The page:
In addition to Yellow Blocks and Steel Blocks, the game was initially planned to feature a third type of block known internally as a Music Block. This block features a piano on its front and a smiling face with a closed mouth underneath. There are eight different variations, with each corresponding to a specific color and key on the piano: C (red), D (orange), E (yellow), F (green), G (cyan), A (blue), B (violet), and C2 (purple). Upon being stepped on, the block would open its smiling mouth and play the note on the key it corresponds to. It could also be destroyed by Fury, causing it to turn gray and frown before disappearing.
Although this block is fully coded and functional within the game, it has been never been publicly shown nor hinted at. Based on this, it is possible that the block was intended to be an unlockable alternative to Yellow Blocks, which is further hinted at by unused code that allows Yeah to fire it.
There are five unused levels found within the game, with each labeled as level #0 and played in succession with one another. These levels are fully coded and completely playable but are not accessible by normal means unless the game is hacked to access them. The reason these levels were left unavailable has yet to be specified.
On the Steam Greenlight page for this game, the description teases that in addition to the 46 levels from the original game, at least five new levels were to be included in the Steam and Wii U release. However, it is not known whether these five unused levels were among them. The five known unused levels, in order of appearance, are as follows:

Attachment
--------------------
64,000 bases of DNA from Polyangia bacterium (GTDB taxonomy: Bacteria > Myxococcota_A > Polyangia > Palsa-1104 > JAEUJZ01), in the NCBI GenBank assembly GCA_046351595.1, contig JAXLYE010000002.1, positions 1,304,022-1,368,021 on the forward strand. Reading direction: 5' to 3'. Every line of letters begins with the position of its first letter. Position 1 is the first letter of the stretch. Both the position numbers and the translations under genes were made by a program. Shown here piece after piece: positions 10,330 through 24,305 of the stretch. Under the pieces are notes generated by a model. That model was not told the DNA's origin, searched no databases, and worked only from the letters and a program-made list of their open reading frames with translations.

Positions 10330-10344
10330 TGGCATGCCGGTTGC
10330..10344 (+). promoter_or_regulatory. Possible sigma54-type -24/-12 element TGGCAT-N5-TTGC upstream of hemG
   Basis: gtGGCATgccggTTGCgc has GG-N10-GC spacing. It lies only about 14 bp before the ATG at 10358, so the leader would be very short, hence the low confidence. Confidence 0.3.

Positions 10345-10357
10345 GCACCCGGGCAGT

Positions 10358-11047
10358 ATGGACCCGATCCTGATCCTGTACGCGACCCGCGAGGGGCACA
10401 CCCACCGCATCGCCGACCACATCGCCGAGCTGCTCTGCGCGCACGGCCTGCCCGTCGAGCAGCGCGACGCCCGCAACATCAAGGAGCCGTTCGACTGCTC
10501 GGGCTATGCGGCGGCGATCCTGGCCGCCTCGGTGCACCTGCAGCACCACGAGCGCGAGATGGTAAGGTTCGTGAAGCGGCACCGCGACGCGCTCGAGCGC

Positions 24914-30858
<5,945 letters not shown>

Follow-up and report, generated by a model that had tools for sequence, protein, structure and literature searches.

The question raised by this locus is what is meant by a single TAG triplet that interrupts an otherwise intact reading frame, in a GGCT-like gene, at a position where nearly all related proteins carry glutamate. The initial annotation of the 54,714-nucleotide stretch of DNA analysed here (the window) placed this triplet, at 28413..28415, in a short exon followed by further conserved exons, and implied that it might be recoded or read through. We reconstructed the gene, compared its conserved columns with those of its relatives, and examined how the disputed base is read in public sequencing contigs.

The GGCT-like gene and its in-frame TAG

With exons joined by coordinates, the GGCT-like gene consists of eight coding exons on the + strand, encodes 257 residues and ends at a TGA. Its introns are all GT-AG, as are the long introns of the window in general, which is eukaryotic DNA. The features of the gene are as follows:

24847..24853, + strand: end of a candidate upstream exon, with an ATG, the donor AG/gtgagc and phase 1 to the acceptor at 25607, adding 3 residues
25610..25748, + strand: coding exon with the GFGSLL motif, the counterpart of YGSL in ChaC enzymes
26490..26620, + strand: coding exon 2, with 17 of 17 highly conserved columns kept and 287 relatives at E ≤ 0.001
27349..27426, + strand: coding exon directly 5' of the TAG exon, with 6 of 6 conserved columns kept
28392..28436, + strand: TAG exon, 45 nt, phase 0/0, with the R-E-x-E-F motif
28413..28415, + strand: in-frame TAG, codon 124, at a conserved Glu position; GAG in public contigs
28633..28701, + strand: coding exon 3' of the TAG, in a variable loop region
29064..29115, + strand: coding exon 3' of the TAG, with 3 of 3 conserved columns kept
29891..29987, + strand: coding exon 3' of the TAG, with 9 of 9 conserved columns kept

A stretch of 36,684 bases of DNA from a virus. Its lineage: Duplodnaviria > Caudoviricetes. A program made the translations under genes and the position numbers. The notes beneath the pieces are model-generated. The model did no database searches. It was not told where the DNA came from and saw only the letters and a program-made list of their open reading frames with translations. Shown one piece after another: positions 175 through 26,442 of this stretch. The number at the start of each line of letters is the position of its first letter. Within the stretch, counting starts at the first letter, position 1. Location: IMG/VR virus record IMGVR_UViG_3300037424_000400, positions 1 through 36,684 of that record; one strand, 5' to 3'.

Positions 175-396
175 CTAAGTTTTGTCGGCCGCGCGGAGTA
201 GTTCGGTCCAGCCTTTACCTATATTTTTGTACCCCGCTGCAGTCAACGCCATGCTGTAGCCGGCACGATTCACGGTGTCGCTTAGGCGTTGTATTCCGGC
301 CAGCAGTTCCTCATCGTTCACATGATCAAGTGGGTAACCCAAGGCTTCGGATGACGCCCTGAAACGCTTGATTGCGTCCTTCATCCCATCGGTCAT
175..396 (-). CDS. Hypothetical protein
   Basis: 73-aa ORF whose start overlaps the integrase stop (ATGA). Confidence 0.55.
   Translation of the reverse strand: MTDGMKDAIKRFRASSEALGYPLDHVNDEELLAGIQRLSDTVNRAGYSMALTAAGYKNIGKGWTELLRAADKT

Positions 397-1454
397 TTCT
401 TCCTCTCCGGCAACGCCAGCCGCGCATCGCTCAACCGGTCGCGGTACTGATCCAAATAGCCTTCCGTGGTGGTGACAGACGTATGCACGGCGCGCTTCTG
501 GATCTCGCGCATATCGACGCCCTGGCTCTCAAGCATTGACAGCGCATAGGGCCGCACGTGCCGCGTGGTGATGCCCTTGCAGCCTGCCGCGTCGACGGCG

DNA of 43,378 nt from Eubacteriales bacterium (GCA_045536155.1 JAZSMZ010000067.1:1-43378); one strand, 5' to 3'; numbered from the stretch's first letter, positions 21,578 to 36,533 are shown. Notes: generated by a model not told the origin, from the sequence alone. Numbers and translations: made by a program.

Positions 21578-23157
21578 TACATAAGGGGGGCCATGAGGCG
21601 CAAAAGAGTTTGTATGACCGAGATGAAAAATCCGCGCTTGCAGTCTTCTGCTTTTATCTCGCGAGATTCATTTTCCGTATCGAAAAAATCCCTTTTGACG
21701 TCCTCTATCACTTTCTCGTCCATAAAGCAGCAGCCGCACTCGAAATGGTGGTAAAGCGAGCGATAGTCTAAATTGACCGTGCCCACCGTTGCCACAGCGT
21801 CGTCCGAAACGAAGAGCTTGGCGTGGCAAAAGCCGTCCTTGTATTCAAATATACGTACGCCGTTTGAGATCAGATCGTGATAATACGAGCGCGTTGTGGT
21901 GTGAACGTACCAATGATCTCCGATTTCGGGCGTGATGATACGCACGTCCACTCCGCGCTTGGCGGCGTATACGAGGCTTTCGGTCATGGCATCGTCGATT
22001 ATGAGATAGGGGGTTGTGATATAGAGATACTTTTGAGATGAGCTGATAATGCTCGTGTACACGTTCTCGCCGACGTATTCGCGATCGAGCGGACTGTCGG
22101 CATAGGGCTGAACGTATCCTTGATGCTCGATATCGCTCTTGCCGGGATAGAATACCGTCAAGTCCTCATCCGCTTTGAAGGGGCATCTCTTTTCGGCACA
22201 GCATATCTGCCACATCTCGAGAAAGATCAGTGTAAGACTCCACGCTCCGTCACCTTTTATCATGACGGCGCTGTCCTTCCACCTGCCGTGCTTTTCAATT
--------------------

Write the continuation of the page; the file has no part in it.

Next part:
- Fetch Quest 3, a Style-themed level in which the player explores the level to find Yellow Blocks.
- YJF, a Sky-themed level consisting of three sets of blocks in the shapes of the letters Y, J, and F.
- Tree'd, a Sky-themed level in which the player ascends a structure of Steel Blocks in the vague shape of a tree trunk and branches.
- Jailbreak, a Factory-themed level in which the player must select one correct path in a group of three to advance to the bottom with.
- Juuuuust Made It, a Style-themed level in which the player must collect enough Yellow Blocks to obtain a very distant mango.
The game was initially planned to feature a Stage Builder mode in which players could design their own levels using assets from the game. Known features include the abilities to name each level, place blocks and other objects on a grid-based system, set the size and theme of each level, and set how many blocks Yeah has in his quota at the start of the level. Players would also be able to export their levels as files or codes and then import them from the Stage Builder, as well as share them over the Internet using a stage hub.
Many assets for this mode can be found within the game's files. These include the buttons and text used with the mode's features, as well as buttons to select the mode on the main menu and level selection screen. An unused button to select custom-made stages from the level selection screen is also present. However, the mode itself does not function.